Sandy was back in school full-time and also helping to run a Mexican restaurant with her brother, but she too devoted her designated time to our daughter. We both volunteered in her classroom and no matter whose day it was we both tried to come to all of her soccer, softball and basketball games. We sat together for sporting and school events and for the first several years eschewed bringing any outside partners along.

During summers, we usually hired a young college woman to supervise and chauffeur Whitney and her friends during the day. Whitney was pretty social and we had a big back yard with a pool and a trampoline, so there always seemed to be lots of kids around. It was always interesting trying to explain our situation to their parents who would smile sympathetically and often say, “What a great idea!” But, you could almost read the thought bubble over their heads, “Are they crazy or what?” Fortunately Whitney’s friends really caught on to the idea and in their own ways both supported Whitney and us.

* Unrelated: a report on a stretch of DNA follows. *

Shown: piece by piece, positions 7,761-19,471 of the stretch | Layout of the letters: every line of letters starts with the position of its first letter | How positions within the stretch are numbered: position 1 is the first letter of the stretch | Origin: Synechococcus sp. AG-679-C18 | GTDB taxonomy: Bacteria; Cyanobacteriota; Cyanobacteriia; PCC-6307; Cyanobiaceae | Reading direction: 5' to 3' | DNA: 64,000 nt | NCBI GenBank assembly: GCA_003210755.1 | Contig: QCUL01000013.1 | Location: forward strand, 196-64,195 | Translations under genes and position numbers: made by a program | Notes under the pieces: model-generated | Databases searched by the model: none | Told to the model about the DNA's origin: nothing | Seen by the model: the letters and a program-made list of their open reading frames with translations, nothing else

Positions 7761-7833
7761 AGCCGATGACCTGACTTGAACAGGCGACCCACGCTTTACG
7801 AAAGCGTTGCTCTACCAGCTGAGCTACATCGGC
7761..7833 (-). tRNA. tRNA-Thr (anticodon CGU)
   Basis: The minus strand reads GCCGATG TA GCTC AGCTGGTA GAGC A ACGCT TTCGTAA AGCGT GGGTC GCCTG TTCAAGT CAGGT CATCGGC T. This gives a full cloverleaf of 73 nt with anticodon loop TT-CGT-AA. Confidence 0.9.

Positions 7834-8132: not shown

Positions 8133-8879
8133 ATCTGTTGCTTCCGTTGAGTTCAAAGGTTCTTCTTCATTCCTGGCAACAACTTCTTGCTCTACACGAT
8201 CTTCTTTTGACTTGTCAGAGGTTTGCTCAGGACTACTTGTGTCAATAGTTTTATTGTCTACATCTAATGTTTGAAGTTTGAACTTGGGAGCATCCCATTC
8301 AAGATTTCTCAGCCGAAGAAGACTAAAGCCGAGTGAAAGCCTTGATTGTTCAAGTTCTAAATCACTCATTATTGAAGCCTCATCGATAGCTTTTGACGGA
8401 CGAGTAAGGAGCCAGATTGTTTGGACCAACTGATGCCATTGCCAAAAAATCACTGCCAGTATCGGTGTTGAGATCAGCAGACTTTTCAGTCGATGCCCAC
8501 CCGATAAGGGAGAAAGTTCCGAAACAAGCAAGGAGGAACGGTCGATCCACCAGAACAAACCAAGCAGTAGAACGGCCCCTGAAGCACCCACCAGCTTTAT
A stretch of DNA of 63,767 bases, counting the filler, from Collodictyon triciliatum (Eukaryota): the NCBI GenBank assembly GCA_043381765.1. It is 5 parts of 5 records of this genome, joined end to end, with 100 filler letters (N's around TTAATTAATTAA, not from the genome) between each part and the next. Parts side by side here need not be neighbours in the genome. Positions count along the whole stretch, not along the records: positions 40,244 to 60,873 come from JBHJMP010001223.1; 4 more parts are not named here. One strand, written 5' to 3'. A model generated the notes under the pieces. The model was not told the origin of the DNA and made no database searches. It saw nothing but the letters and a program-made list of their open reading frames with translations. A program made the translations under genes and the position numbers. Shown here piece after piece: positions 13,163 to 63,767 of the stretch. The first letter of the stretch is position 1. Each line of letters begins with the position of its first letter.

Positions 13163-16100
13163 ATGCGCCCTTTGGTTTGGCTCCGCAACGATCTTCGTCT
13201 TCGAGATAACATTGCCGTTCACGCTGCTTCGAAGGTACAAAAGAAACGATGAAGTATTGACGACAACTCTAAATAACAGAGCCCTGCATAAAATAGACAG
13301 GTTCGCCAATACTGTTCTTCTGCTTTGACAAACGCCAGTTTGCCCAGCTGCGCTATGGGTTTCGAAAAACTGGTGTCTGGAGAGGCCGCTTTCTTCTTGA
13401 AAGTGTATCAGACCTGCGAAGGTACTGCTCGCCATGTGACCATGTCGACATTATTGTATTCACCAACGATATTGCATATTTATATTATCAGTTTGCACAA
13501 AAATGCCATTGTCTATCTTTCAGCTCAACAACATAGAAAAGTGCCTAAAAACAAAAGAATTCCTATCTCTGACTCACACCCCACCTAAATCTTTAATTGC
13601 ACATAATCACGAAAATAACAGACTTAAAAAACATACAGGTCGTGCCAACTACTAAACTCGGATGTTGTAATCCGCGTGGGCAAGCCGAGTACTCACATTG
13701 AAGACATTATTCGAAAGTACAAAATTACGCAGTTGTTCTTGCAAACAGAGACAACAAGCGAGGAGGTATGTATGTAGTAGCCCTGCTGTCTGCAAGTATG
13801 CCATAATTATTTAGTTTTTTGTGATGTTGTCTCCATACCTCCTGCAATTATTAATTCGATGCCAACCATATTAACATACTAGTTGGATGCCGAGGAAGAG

This is not to say we didn’t have problems. Our carefully cultivated resentments and volatility toward each other certainly didn’t evaporate when the papers were signed. Probably not a week went by when we didn’t have some sort of tiff, but we tried not always successfully to keep it away from our daughter. Nonetheless with this level of proximity, as we felt our way through various situations it was tough not to bump into each other’s hot buttons.

Sandy was soon exploring an important new relationship and I was decidedly not fond of her musician boyfriend. There were always small things at the house which one of us thought the other should have done or not done. Moreover because I am a doctor, sometimes I would get tied up with patient responsibilities and Sandy would have to rescue me somewhat involuntarily with extra child care.